Taimur Talks Trash: The Basics

When I started at Intel I often heard stories about a mysterious dumpster-diving employee dedicated to the unglamorous world of waste. I was intrigued, but honestly wasn’t sure if he really existed. That was until I met Taimur Burki face-to-face and confirmed he was exactly the guy I’d heard about. A get-it-done trailblazer with deep technical knowledge and occasional 80’s movie references that I, as a millennial, don’t always understand.

While not everyone who meets Taimur may appreciate his unique sense of humor, no one can deny his depth of knowledge and his perseverance to drive responsible waste management at Intel over the last 21 years. And with that kind of time under your belt, you get a lot of questions from leaders, fellow employees, and curious citizens about waste. Now that my “office” (cube) is right next to his, I overhear many of his conversations – and I’ve learned a lot. So I asked—really begged—Taimur to answer a few more questions to help us all better understand the world of waste and recycling.

 

At a high level, how does the waste system work in the U.S.?

Generally, you generate some form of waste and put it in either a recycling or trash bin. You can go online to your local city website and they will have something about what you can recycle. If it is recyclable and you put it in the blue bin, once collected it goes to a sorting facility. Paper and cardboard usually go to a local mill and is often times made into lower standard paper products like cardboard, toilet paper, or newspaper. If there is no local option, sometimes it gets sent overseas. For example, most U.S. plastics used are shipped overseas where they make more plastic out of it. For the things you can’t recycle or simply didn’t put in the recycling bin, they go from your home trash bin to a landfill; basically a big hole in the ground with layers of plastic and clay filled with the “trash” mixture. That “trash” can sit there for hundreds of years; some things decompose quickly, like food waste, and others never do.

The incentive to not just landfill everything, besides the Earth thanking you, is that it saves resources. Take metals – it is easier to melt down metals and reuse them than to mine for new materials. Wood is the same way. It is easier, and requires less resources, to take paper and make more paper from it than to grow more trees.

 

What is the biggest challenge we (Intel) are currently facing with recycling?

For non-manufacturing waste, our biggest challenges is that China is no longer accepting foreign plastic waste. For many years, China has been a hub for waste facilities and many countries have been sending plastic there to be recycled and reused in manufacturing, rather than recycling it on their own. In January 2018, China’s ban on plastic imports took effect.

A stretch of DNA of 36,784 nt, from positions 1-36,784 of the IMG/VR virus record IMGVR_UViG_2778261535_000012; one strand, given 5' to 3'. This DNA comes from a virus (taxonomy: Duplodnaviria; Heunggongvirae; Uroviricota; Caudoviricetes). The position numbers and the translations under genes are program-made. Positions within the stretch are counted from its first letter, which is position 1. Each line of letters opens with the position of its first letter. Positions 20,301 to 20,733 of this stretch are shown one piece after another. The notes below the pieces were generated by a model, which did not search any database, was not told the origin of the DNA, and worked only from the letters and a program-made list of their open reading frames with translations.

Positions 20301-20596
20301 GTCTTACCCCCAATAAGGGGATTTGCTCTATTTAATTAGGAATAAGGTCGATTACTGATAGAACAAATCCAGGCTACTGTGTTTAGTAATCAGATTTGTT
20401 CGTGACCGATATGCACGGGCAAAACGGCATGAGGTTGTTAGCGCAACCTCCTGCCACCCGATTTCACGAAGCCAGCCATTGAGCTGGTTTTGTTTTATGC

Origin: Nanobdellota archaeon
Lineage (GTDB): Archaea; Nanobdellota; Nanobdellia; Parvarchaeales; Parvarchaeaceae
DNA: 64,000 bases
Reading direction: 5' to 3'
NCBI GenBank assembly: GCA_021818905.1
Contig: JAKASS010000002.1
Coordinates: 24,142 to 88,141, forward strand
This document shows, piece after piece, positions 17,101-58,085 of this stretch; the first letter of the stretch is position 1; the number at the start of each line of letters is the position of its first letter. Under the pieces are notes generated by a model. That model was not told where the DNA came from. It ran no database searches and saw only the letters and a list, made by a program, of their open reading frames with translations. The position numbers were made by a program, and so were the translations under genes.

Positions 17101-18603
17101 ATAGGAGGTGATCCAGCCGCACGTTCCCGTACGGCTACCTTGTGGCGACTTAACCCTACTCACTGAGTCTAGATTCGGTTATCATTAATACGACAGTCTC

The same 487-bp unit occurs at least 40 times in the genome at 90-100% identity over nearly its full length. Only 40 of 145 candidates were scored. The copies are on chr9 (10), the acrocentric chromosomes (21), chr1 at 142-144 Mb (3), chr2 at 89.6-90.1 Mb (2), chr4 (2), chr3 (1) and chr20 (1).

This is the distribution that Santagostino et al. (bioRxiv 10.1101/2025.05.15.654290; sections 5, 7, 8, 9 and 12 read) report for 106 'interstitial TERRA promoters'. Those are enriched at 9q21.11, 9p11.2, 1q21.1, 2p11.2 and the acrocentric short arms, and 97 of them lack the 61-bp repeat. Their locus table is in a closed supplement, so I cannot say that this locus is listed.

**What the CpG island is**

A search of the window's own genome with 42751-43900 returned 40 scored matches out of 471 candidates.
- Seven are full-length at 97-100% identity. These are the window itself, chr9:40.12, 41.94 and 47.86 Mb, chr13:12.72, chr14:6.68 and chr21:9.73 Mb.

This is a huge change and requires us to not only look for other facilities to properly recycle our plastics, but also forces us to think about how we design our systems -separating recyclables further, limiting types of recyclables, things like that. In fact, we are in the process of eliminating recyclable and compostable paper cups, silverware, and to-go boxes in Intel’s cafes all together. Focusing on reusable dining ware will reduce our volume of recycling overall and allow us to target our education to employees on fewer commonly misplaced waste items, but it is just one piece of the puzzle.

 

If you had a magic wand to overcome one challenge, what would it would be?

That is a hard one because there are so many evolving challenges, behavioral, infrastructure, etc. But probably the behavioral one. If all employees just knew, “This goes here” and put waste in the right place every time, I could continue to work on the other challenges.

 

What do you really wish people knew about waste and recycling?

Stop looking at it as waste.

You can do things with this stuff, especially the odd items. For example, in the 90s, we were getting a new employee lunch tent, a huge metal structure with a white canvas cover and I needed to do something with the old one. I was told to just throw it away. I said, “No way!” and called a university and ended up donating it to the architecture school to reuse. That sort of stuff I think is great.

Another example I really like is coffee grounds. To start, I worked with the Arizona Botanical Gardens to take the coffee grounds as a soil amendment. This was long before we had composting on Intel sites and our Grounds for Gardens program for employees to take grounds for their personal gardens. But just looking at something and saying, “Yes, we should do something better with this.” Find a way to use it, donate it, or repurpose it before considering recycling or landfilling it.

 

Even after 20+ years of pushing Intel forward, you never seem to let setbacks or new challenges get the best of you. How do you stay positive?

What’s the point of getting down? Always look on the bright side and when you need a break, work on something else for a little bit and come back to it. You have to be patient and take the long view of why you do what you do and the impact you are having.

 

Do you have a question you wish you could ask Taimur? Ask it in the comments below and he may just answer it. You can always learn more about all our sustainability efforts at Intel.com/responsibility.